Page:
Olsen, Tillie 1913–
Olsen is a prize-winning American novelist and short story writer. (See also CLC, Vol. 4, and Contemporary Authors, Vols. 1-4, rev. ed.)
In [Yonnondio,] a mercifully brief, emotionally charged narrative incorporating all imaginable horrors experienced by a destitute, ill, and starving family during the Depression in the early thirties, [Tillie Olsen] forcefully portrays their plight, not sparing the reader intrepid enough to endure so brutal an account of so much gloom and despair. Here is art of a kind for those who take vicarious delight in the contemplation of absolute human degradation. (p. cxx)
Virginia Quarterly Review (copyright, 1974, by the Virginia Quarterly Review, The University of Virginia), Vol. 50, No. 4 (Autumn, 1974).
Olsen's compelling gift is her ability to render lyrically the rhythms of consciousness of victims [in Yonnondio: From the Thirties]. Imaginative, affectionate, they are also alert to the sensual promise of their surroundings. Harsh familial, social, political and economic conditions first cramp, then maim, and then seek to destroy them. The fevers of poverty, dread and futility inflame their sensibilities. They risk reduction to defensive fantasy, pain, madness or cruelty. They remain, if in shadow, heroes and heroic.
Olsen assumes that such victims cannot often speak for themselves. Their dumbness is no fault of their own. Her self-imposed task is to become their voice as well as their witness, their text as well as their mourner. She signifies her respect for their dignity in the exactitude and scrupulous effort of her work. She sardonically tells her reader that the received categories of culture, such as classicism and romanticism, also fit the citizens of a Wyoming town as they wait to hear how many men have died in a mine explosion that official cowardice, incompetence and corruption have caused. If she were to take part in that theological quarrel over whether an artist's primary commitment is to craft or to social change, she might say that an artist can work for change through writing about the oppressed with all the craft and tools at hand. She also comments on the economic basis of high culture. She writes of an adolescent boy forced into the mines:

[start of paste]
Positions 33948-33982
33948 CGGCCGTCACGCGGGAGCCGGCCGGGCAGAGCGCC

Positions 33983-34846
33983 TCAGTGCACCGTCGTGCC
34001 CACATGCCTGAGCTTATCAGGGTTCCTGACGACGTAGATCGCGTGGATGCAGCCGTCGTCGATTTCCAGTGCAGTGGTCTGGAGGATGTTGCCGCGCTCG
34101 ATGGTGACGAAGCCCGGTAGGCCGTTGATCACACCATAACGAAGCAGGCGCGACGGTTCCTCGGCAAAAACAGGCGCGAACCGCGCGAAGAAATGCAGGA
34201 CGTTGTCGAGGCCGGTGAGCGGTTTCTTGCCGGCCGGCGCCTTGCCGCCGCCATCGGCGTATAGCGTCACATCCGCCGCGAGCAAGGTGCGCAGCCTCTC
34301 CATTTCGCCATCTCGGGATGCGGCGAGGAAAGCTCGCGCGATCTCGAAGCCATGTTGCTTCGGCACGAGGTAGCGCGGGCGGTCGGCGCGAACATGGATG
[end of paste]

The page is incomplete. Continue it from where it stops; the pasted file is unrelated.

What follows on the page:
Earth take your dreams that a few may languidly lie on couches and trill "How exquisite" to paid dreamers.
Olsen's politics and anger are a part of a particular decade: her subtitle, "From the Thirties," is seriously meant. She notes that Yonnondio "bespeaks the consciousness and roots of that decade, if not its events." An anachronism or two betrays the gap between narrative setting and actual reference. Despite her nostalgia for rural ritual, she refuses to offer an exclusive vision of bucolic joy. She wants unions and solidarity among all workers, no matter what their race or ethnic heritage. (p. 565)
Catharine R. Stimpson, "Three Women Work It Out," in The Nation (copyright 1974 The Nation Associates), November 30, 1974, pp. 565-66.
[Yonnondio] is a conventional story, as stories go, but the plot is in fact the least important element of the novel. This is not because it is incomplete (the book has only recently been recovered in a less than perfect form), but because the narrative is consumed by the effects of Miss Olsen's prose. A pattern of images is cast over the writing from the opening chapters, and there is a characteristic attention to description rather than analysis—it is a matter of dialogue rather than character, of situations rather than incidents. Yonnondio is a romantic novel, in the sense that Man and Nature are seen in a close and often destructive relationship, and its language becomes the space between them—instinctive with life, both mortal and at the same time capable of expressing certain permanent...
(The entire section contains 1931 words.)
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